Feudalism

Feudalism was the economic and political system of Europe during the Middle Ages. One might be tempted to dismiss it as a primitive system, discarded when something better came along, but to do so would be to misunderstand human institutions…

The Emergence of European States

From the fall of the Roman Empire until at least 1100 AD, there was nothing in Europe that could be called a state. States emerged in England and France over the period 1100-1300, and later in other parts of Europe. They showed early signs of constitutional government, but some countries veered towards authoritarianism under the financial stress of the fifteenth-century military revolution…

Why was Science So Successful in Europe?

In the time between the Scientific Revolution and World War II, almost every major advance in modern science was made by scientists who were culturally European…

How Science was Held Back in China and the Islamic World

Science must be integrated into the fabric of society — institutionalized — if it is to succeed over the longer term. Science was successfully institutionalized in Europe during the twelfth century. China and the Islamic world were at different times the world leader in science, but neither society institutionalized it, and science eventually faltered in both societies…

Economic Ideology and the Glorious Revolution

The Glorious Revolution changed the way that the English thought about their economy. The proponents of an economic ideology that justified the power of the landowners became less influential. The proponents of an ideology that emphasized the value of labour, and the role of manufacturing and trade in realizing this value, became more influential…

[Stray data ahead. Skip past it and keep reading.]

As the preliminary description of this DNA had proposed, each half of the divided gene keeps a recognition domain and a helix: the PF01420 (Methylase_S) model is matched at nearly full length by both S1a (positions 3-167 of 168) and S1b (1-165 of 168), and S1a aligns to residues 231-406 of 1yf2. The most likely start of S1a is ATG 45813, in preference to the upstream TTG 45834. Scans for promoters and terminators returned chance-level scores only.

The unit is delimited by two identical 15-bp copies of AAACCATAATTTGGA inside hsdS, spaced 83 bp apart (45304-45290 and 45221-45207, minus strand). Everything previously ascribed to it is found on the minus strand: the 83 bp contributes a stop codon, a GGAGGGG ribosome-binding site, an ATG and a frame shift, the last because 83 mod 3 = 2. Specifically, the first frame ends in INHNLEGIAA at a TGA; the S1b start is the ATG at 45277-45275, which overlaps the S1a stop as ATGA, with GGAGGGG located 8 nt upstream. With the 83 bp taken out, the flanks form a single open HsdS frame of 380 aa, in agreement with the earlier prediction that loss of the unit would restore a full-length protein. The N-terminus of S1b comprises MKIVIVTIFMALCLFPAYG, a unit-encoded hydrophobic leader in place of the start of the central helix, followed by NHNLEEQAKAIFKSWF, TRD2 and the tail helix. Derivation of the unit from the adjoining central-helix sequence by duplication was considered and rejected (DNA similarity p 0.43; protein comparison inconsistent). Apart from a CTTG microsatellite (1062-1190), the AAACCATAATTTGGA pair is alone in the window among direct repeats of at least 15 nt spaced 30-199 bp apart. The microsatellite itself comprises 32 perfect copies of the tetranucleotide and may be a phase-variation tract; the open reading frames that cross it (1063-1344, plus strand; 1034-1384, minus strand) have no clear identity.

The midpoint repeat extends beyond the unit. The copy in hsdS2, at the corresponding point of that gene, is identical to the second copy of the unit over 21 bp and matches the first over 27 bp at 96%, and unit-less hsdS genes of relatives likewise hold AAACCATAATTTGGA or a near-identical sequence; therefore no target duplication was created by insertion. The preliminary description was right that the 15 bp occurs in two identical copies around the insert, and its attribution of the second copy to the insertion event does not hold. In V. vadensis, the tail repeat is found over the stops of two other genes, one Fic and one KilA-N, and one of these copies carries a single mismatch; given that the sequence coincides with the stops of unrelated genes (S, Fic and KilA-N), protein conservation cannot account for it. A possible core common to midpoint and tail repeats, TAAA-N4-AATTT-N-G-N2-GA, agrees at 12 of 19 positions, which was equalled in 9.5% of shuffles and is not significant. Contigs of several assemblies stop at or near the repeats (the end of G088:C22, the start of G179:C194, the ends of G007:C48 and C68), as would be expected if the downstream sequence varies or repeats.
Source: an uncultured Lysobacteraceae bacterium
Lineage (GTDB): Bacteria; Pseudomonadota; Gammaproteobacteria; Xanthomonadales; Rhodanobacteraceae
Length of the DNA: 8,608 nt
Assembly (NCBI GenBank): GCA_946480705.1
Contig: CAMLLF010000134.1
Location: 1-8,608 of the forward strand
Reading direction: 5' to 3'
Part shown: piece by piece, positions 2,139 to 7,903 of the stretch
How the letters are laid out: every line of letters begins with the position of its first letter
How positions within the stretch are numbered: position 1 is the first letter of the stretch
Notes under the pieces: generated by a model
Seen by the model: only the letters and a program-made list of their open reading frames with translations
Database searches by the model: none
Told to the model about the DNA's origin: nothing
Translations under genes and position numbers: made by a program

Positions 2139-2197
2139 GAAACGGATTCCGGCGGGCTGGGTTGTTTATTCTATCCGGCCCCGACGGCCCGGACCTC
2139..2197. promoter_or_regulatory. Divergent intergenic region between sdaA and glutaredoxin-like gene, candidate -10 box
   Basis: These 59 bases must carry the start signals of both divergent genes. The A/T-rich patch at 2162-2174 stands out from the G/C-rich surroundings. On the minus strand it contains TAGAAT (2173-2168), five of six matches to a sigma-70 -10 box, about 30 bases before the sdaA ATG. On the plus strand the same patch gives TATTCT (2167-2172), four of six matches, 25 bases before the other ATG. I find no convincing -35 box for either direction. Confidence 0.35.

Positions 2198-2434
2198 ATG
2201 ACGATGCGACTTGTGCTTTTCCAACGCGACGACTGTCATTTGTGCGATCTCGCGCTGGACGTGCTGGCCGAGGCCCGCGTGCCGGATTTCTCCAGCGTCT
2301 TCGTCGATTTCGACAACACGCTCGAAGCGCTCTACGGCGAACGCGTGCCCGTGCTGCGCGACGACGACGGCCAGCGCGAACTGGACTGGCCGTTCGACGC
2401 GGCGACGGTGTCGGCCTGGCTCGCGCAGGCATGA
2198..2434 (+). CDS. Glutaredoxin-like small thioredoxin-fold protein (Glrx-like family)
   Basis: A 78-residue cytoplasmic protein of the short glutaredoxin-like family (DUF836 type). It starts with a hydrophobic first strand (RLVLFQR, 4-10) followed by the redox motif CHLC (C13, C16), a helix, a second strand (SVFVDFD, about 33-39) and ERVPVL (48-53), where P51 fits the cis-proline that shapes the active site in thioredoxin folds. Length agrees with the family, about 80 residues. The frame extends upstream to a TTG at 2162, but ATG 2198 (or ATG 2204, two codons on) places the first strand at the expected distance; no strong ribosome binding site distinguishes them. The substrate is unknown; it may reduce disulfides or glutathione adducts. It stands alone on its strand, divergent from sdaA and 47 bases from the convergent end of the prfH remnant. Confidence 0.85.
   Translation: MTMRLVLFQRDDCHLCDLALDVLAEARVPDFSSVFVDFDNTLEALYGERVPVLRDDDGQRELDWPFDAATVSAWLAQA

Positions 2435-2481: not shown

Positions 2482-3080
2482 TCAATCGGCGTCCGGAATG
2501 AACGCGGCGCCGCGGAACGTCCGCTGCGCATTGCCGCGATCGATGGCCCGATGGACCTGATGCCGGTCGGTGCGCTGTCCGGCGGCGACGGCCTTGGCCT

A History of Religious Toleration

The First Amendment was the culmination of a centuries-long struggle in which the advocates of religious toleration risked their livelihoods, their citizenship, and even their lives. This struggle began in the sixteenth century…

The Scientific Revolution, the Enlightenment, and the Industrial Revolution

The Industrial Revolution was influenced by both the Scientific Revolution and the Enlightenment…

The Nineteenth-Century Rules for Growth

Over the course of the Industrial Revolution, Britain became an industrial superpower. Other countries had to find policies that would allow them to develop their industry despite Britain’s enormous first-mover advantage. These policies necessarily involved protectionist trade policies and government intervention…

Why Nations Fail: 
Extractive and Inclusive Institutions

Acemoglu and Robinson’s goal is to explain why some nations are rich and others are poor. They present a theory based on the interaction between political and economic institutions. Casual empiricism suggests that its explanatory power is quite strong…

Why Nations Fail:
 Theory is Tidy, History is Messy

Acemoglu and Robinson argue that sustained growth is almost always attained in a particular way: inclusive political institutions develop first, followed by inclusive economic institutions, followed by growth. They recognize the boldness of their claim…